Cancer. The big C word most are afraid of. The one young adults never think they will hear. The one that changes someone’s life in an instant forever. The one it took for me to stop and take a good look at mine.

When people hear about cancer, they automatically think of the physical pain it entails. At the hospital, the day of orientation and the day of the first chemo I was read the complete list of side effects possible attached to the chemo I was getting. They talked to me about pain, fatigue, nutrition and skin changes but one thing they didn’t mention is mental and emotional health. They did not tell me how to deal with the fear and the emptiness or what to do when you start to feel depressed and start having what they call “chemo brain”. Going through a month of tests, a biopsy, a lumpectomy, a port-a-cath insertion and scans made me focus on my physical health and doing whatever the doctors were telling me so much that I didn’t really think about the rest. Even after starting treatments, I would think about things in a technical way more than in an emotional one most of the time. I wanted to go out and live a sort of “normal” life. I wanted to be so strong and handle this like a champ that I kept some emotions in. I didn’t want to feel defeated but I definitely had my cry sessions and moments where I felt completely broken. I still do.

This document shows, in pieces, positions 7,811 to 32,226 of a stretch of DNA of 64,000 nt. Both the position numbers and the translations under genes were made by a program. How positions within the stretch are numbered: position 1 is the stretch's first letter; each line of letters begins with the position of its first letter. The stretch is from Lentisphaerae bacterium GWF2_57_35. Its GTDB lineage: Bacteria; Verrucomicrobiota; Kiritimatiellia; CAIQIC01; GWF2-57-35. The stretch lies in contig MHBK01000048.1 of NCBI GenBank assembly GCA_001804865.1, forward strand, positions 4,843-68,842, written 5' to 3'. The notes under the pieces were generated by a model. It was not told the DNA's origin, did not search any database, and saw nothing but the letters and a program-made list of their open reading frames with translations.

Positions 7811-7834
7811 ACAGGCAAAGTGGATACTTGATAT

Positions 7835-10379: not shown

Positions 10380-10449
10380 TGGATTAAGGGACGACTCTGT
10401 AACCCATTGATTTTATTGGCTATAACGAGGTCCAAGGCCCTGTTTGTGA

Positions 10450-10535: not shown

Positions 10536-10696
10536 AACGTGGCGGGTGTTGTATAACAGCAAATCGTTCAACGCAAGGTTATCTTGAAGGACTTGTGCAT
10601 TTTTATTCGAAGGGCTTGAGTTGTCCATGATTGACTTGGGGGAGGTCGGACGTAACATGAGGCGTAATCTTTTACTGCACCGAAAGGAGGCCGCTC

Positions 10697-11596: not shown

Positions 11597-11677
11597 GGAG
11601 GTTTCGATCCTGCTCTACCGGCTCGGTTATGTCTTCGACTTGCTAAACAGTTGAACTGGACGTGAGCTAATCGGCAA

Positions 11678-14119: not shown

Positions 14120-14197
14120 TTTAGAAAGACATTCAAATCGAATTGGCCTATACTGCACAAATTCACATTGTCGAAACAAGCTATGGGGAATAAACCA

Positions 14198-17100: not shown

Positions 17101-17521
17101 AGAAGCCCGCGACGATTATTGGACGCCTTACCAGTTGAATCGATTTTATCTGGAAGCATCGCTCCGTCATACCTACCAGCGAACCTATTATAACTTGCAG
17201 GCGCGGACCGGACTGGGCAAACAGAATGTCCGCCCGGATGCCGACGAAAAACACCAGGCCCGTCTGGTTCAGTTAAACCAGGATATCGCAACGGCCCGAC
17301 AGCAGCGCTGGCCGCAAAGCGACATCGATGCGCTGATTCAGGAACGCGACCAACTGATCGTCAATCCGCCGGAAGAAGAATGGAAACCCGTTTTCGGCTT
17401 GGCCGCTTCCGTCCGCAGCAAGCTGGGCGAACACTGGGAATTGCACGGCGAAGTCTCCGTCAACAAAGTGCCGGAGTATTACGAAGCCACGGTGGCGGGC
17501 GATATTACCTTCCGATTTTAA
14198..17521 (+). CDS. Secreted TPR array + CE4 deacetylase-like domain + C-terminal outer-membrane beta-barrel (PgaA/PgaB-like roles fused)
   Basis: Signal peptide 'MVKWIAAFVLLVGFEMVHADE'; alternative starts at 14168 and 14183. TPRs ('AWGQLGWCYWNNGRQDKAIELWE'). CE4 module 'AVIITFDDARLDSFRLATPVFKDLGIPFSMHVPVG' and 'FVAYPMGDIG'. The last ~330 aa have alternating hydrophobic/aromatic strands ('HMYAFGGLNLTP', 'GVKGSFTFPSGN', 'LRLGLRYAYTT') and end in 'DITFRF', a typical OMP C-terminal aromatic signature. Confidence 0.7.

When April came ( 2 months into this journey), I was lucky enough to have my boyfriend, who lives in Mexico, come spend what was supposed to be all summer with me until I was done with chemotherapy. His presence made me feel a lot better and everyone could tell it really helped me having him by my side. At times I would almost forget that I was going through all of this. Unfortunately, some events out of both of our control made it so he had to go back mid-May to continue university, as his program is all year long, or else he was losing most of his classes he had already done. (Don’t even get me started on the school system over there.) Seeing as things were going “well” for me (positive results from PET scan), it was the smart decision for his/our future. It wasn’t our first goodbye. We had done this many time before as you do in a long-distance relationship but this time was really hard because of the situation. I knew it would be but you are never ready for something like that. I believe that everything happens for a reason but I was mad at the universe for this. Actually, I’m still mad about it and resent that this had to happen. It’s hard every day. Some more than others.